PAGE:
(CNN) - It could have been a crucial piece of opposition research: The South Carolina Democratic Party accused Mark Sanford, who criticized his rival for taking union contributions, of receiving campaign cash from labor groups himself during a past run for Congress.
Only problem? They had the wrong Sanford.
The dust-up began Tuesday morning with the news Boeing was expanding its footprint in the Palmetto State, investing $1 billion and creating 2,000 jobs over the next eight years.
Previously, labor groups had filed a complaint with the federal government, trying to stop Boeing from building airliners in South Carolina. The union said the decision to put the new plant in South Carolina was a move by Boeing to retaliate against a strike by company workers in Washington state.
The union later reached an agreement that allowed Boeing to open the South Carolina plant, resulting in the announcement Tuesday the firm was investing in the state.
Elizabeth Colbert Bush, the Democrat running for South Carolina's open House seat, praised Boeing's move, but the Sanford campaign was quick to highlight that Colbert Bush accepted contributions from unions that opposed Boeing's plant in North Charleston.
That's when the problems began for the South Carolina Democrats. The party accused Sanford in a press release of accepting union contributions in his 1998 and 2000 House re-election campaigns. The statement carried the screaming headline, "Colossal Hypocrite Mark Sanford Takes Union Contributions."
"Just when you thought Mark Sanford's strained relationship with the truth couldn't get any worse, we learn that he's criticizing Elizabeth Colbert Busch for something he's done," said SCDP Chairman Dick Harpootlian in a statement. "Mark owes Elizabeth an apology for this ugly attack."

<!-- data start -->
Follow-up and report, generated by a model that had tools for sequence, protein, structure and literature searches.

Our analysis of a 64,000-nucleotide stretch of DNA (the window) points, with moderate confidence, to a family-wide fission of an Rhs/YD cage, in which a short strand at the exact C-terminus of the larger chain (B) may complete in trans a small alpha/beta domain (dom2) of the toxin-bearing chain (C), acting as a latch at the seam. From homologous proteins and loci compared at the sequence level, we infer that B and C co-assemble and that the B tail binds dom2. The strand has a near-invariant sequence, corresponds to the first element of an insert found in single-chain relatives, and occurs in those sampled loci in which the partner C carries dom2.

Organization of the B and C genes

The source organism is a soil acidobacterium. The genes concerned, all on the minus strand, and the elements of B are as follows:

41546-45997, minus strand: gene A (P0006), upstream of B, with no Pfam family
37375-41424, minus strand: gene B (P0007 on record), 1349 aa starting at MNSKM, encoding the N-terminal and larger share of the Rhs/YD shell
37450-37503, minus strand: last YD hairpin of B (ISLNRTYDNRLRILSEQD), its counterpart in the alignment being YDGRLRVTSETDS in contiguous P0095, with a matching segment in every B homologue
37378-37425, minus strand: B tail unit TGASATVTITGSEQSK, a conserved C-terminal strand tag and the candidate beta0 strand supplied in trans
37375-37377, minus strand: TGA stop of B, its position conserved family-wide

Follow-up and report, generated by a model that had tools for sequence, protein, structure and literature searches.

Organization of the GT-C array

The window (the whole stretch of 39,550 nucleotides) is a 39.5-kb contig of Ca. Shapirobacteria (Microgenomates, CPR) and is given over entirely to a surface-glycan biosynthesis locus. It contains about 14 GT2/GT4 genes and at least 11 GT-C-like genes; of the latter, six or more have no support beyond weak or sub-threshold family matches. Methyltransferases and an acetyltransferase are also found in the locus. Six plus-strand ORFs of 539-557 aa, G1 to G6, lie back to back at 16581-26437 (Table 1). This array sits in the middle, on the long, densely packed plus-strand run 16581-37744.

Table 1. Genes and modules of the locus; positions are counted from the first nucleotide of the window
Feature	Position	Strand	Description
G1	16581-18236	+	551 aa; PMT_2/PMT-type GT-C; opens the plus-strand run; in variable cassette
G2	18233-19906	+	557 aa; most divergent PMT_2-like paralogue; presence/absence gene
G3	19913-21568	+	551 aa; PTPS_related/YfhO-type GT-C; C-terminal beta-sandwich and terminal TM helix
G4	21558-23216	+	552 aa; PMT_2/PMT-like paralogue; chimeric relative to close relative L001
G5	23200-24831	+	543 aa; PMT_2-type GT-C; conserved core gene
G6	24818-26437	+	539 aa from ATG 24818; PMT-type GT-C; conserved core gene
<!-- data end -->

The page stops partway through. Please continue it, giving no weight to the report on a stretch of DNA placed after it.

But the "Sanford" they located with contributions from unions turned out to be the wrong politician – the contributions were actually made to a "Sanford Bishop for Congress."
The mistake was called out by Sanford's campaign, who asked for an apology from the South Carolina's Democrats' chairman.
Ultimately, the Democrats owned up to the mistake.
"We learned this evening that the information posted on OpenSecrets.org and used in this release is incorrect," spokeswoman Kristin Sosanie wrote. "We relied on an independent organization used by many journalism organizations and it's disappointing and unfortunate that the source appears to be in error. We apologize for any confusion that this error has caused."
OpenSecrets.org, also known as the Center for Responsive Politics, obtains its data directly from the Federal Election Commission.
"While we often catch errors and correct them for the public, in this case we didn't," said Viveca Novak, editorial and communications director. "The FEC, in the case of these contributions, had coded Democrat Sanford Bishop as Republican Mark Sanford. We pointed this out to the agency yesterday and have been assured that it is being fixed."
CNN's Paul Steinhauser contributed to this report.